Limerick’s Cian Lynch upholding proud family tradition

With not a scintilla of embarrassment or prompting, Cian Lynch regales you with the story of what happened to him the time his uncle Ciaran Carey fired over one of hurling’s most iconic scores. 

Lynch might only have been five months and 14 days old that day Limerick knocked out the All-Ireland champions Clare, but he’s been told ample times what he was doing at the very moment.

“The mother (Valerie) always tells a great story,” he smiles. “Ciaran got a point against Clare to win the match. I was only born in ’96 and I was on her breast, taking milk, and she threw me up. She forgot to catch me! I don’t remember that now!”

Lynch’s father Sean is a Loughmore-Castleiney man but there has never been any conflicted allegiances in his household. He’s watched Carey’s wondrous winning point back ad nauseam but with the benefit of the radio commentary. “Micheál Ó Muircheartaigh’s commentary makes it. It’s brilliant.”

The 19-year-old’s memories of his famed uncle in action are scant although he can recall him lining out in Patrickswell’s 2003 success. “The last time we won the county final, I was mascot and another uncle was captain. That was a treat. That was Paul Carey and he would have won it with Kevin and Ciaran — a few of them on the team. It was a treat for me; these were my role models and my uncles.”

Kevin, he says, has been the most influential on him. “He used to take me to matches, take me out the back for a puck around. Harmless stuff and he’d be giving me advice and being young you’d take it on board and remember it. They have been very good and even before big matches Ciaran would send a text saying the best of luck and stay focused.”

Lynch became a bit of a YouTube hit two years ago when his contribution to the “I Am Hurling” freestyle competition drew over 16,000 hits. In the back garden of his family home, he pulls off a variety of skills but would he ever try and emulate Carey either there or in a game? “I haven’t. I’ll stay away from it. I’d be creamed, I’d say.”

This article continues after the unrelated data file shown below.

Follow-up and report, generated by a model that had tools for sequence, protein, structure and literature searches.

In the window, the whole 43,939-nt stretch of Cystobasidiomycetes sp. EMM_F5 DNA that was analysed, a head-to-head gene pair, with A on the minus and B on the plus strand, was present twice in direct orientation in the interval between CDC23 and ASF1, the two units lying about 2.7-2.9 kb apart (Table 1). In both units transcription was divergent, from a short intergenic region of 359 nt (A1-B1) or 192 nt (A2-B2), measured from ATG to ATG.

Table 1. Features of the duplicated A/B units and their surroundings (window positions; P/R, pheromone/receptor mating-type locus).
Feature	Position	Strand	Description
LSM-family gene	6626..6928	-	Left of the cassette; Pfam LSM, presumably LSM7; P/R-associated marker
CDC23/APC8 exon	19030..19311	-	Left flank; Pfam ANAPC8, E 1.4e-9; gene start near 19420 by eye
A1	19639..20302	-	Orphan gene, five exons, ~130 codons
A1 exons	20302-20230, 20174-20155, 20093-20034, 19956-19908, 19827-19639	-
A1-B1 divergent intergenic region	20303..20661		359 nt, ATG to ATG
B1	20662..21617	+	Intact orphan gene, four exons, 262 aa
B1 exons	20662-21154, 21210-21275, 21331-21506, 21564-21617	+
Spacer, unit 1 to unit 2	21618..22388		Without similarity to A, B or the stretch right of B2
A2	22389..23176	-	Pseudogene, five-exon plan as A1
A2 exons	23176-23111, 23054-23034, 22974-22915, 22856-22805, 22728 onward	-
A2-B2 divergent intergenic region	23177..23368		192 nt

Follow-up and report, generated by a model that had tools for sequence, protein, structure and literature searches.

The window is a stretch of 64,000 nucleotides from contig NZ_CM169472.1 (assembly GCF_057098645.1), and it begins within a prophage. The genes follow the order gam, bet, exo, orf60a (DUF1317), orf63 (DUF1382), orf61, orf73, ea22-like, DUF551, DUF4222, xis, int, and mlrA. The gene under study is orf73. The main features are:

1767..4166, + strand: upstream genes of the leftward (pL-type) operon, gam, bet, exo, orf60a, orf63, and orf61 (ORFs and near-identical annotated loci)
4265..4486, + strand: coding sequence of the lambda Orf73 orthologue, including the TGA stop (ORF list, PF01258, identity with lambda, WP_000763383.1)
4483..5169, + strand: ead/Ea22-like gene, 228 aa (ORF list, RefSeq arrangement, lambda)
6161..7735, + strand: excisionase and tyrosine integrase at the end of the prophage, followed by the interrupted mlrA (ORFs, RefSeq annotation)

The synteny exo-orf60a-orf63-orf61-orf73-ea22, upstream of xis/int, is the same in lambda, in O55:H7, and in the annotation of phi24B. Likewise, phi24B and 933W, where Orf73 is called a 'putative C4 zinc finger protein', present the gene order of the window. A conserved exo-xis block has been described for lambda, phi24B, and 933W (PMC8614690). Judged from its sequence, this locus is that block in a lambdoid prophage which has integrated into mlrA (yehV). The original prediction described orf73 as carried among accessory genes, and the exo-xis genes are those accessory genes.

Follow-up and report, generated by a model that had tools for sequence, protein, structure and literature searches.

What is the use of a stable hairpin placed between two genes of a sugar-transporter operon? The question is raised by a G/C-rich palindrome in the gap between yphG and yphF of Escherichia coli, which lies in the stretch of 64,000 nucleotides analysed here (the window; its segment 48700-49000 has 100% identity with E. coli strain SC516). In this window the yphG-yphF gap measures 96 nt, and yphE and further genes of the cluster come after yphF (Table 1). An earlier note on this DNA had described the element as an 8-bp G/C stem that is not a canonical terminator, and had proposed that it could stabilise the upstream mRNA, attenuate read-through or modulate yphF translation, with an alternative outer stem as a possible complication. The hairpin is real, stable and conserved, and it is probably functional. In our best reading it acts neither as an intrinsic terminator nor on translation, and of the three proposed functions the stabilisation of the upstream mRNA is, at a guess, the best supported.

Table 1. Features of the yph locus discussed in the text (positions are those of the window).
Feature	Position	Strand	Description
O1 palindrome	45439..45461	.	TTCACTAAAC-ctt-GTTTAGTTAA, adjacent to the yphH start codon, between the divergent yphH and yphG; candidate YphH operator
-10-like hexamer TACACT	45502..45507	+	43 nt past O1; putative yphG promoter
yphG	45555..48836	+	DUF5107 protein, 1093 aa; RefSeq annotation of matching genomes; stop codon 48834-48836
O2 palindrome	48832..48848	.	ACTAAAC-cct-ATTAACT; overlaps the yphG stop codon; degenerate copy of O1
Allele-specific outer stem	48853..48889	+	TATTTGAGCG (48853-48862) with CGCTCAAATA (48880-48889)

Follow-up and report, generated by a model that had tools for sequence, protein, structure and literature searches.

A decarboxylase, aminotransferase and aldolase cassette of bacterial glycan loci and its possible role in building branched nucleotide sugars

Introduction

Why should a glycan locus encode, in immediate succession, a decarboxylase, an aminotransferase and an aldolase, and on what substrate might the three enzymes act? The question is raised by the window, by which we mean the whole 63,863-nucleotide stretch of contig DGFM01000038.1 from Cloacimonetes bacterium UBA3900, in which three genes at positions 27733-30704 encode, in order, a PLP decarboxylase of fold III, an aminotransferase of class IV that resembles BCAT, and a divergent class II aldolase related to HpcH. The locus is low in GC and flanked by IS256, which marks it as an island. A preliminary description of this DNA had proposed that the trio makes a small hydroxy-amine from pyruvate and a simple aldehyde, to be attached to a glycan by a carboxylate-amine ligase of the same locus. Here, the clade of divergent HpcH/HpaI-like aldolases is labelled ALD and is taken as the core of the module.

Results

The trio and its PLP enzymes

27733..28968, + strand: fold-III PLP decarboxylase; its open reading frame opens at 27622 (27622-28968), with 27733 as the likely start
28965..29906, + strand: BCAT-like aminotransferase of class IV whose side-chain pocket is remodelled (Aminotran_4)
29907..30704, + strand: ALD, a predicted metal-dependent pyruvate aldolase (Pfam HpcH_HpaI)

That’s not to say he hasn’t been ambitious in Limerick colours: against Cork in the Waterford Crystal final in Mallow, he pulled off a Kevin Broderick-esque solo, pushing the ball over a Cork defender’s head before collecting it on the other side and proceeding to send it over the bar. It was one of four points for him that evening.

His open, affable nature is refreshing. He still has the rat’s tail, now two years’ growing: “I don’t know how someone hasn’t pulled it off yet.” But he’s humble enough to know were it not for Kilmallock’s run to the All-Ireland final and injuries, he may not be in the shake-up for a starting spot on Sunday.

He may have the red hair, the lineage and the quality having starred for the minors as captain last year but everything was left behind walking into the dressing room for the first time.

“The last few years you are looking at these lads, the likes of Shane Dowling and Declan Hannon, you are looking up to these lads and thinking ‘Will I ever play with them?’ and six months later you are in the same dressing room looking around.

"They are all sound, they have been very good, bring you in, puck around and give you advice about how to fit in properly. Everyone is on the same boat.”

Only Lynch, though, will be able to prepare himself for the step up in temperature against Clare on Sunday. “In minors, you get the ball and you have time to look around. In senior, if you look left or right you’re getting a slap.

"It’s the speed and the physicality; you have to be much quicker on the ball and aware of your surroundings. You just have to play your usual game, speed it up and be ready. If you’re not focused, you could get a slap or you could be getting the line straight away.”

An excellent soccer player, Dublin club St Kevin’s asked him to join them having been impressed by his performance for Mungret when the sides met in a competition in Galway. “Being young and naive I said ‘yeah, no bother.’ I didn’t see the long journeys or the up and down the road. So we did it for two years anyway, up and down.”

There he played with Jack Byrne, who is now training with Manchester City’s first team, having impressed for Patrick Vieira’s U19 team.

The pair keep in touch via Facebook and Lynch, now studying an arts degree in Mary Immaculate College, admits he does miss playing the game. Last year, he missed an Republic of Ireland U17 trial as it clashed with preparations for the Munster minor final with Waterford.

“I had to make a decision,” he says. The first dividend for that choice reveals itself on Sunday.

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